It’s probably an incurable disease of the soul that I flew all the way out to Wisconsin from Florida only to spend hours looking through the QZAP archive for the place I’d just left. Pouring over Queer Zine Explosion, Larry-Bob’s painstakingly detailed queer answer to factsheet 5, I noted anything I saw with an address south of Delaware and east of Oklahoma, more or less, with particular attention to the seaboard states which make up the South I’ve always lived in. As one of the members of Gainesville’s Civic Media Center zine collective, I work with the Travis Fristoe zine library, documenting and preserving the personal, punk, political, art which came to the CMC from around the country but especially Gainesville, Florida and the south. Though the Fristoe collection contains work by queer creators, it was not an explicit collection mandate at the collection’s inception, so I was excited to see what Southern zines QZAP was home to, and what queer Southern zines made their way to national circulation.
My favorite Southern zine I found at QZAP was One Mint Julep, the solo zine by Hugh McElroy, who made up one-half of Picklejar, a queer, Southern, kid liberation zine by high school friends in Washington, D.C. When his collaborator went up North for college, Hugh stayed in D.C., and he continued to write about what queerness and Southernness meant to him. Hugh fiercly articulates what many queer Southerners know- that the South is too often dismissed for its supposed backwardsness, despite the often radical community and coalition building work done here. Hugh is frustrated with his peers in D.C. who hide or change their accents and refuse to claim a Southern identity, and that frustration comes through in OMJ’s various meditations on community, dating, home, and family in D.C.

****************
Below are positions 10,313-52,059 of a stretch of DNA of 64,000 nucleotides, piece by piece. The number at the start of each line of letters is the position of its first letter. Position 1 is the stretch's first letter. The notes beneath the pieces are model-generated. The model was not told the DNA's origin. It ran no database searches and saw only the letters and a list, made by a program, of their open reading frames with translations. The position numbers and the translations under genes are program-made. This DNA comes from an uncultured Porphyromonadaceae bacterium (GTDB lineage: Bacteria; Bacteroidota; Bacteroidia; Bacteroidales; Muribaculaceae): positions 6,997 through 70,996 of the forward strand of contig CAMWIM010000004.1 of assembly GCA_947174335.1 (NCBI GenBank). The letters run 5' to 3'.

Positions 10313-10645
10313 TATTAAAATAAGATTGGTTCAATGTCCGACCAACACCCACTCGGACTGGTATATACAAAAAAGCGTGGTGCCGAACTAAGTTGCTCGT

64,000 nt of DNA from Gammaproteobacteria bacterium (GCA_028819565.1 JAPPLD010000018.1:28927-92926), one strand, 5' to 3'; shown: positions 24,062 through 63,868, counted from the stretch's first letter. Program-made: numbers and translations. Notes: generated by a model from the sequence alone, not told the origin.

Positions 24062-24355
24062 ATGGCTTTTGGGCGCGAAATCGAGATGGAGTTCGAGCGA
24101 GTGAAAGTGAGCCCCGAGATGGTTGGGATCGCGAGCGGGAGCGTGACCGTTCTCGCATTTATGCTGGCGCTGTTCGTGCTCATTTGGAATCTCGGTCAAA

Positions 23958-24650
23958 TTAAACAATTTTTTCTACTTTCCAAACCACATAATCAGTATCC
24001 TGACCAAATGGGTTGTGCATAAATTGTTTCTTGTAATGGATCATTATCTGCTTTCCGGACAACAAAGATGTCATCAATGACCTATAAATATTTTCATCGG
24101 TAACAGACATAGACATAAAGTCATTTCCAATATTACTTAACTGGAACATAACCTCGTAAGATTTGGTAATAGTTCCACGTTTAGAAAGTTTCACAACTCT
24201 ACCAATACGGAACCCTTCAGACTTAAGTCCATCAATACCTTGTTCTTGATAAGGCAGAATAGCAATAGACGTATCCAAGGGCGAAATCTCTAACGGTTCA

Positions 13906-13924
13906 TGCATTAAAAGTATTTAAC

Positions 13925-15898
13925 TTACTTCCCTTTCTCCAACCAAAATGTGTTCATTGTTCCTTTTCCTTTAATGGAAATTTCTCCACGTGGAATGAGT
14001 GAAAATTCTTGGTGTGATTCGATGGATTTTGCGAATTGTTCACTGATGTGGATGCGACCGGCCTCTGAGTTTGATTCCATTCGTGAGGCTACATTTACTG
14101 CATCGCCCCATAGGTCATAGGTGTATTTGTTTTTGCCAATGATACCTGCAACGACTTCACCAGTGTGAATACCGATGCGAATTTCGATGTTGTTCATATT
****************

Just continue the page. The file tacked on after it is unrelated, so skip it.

The all-but-last page of One Mint Julep is one of those pages where you have to show somebody, because it hits you exactly where you live. Hugh has drawn, in scratchy pen, maybe ballpoint, a bird-headed, winged creature on tall, leaf-capped, vine-like legs, rising up from the gabled roof an old plank house, surrounded by bats, moon (sun?) behind it like a knock-off halo, fighting a tiny winged creature. Slices of typed text across the page, layering it with this beautiful, joking, angry, little poem about being from the South, some of which goes “i live in a swamp/ kudzu ate my car last night…. I sip sweet mint julep/ to keep me cool and to/ fire me up” and breaking finally into a half-paragraph of exploding frustration saying exactly what i want to say: the North isn’t any better, and we’ve got to stay here and fight, because the South is ours. I took a picture and sent it to my friend, a sweet queer Florida boy who once, when I said I grew up in the south, gave me a Look of withering dismissal and said “you’re from North Carolina.” He loved it, too.
Fi Taylor was a 2018 QZAP Scholar-in-Residence. They are currently working as a union organizer and community librarian at the Civic Media Center in Gainesville, FL.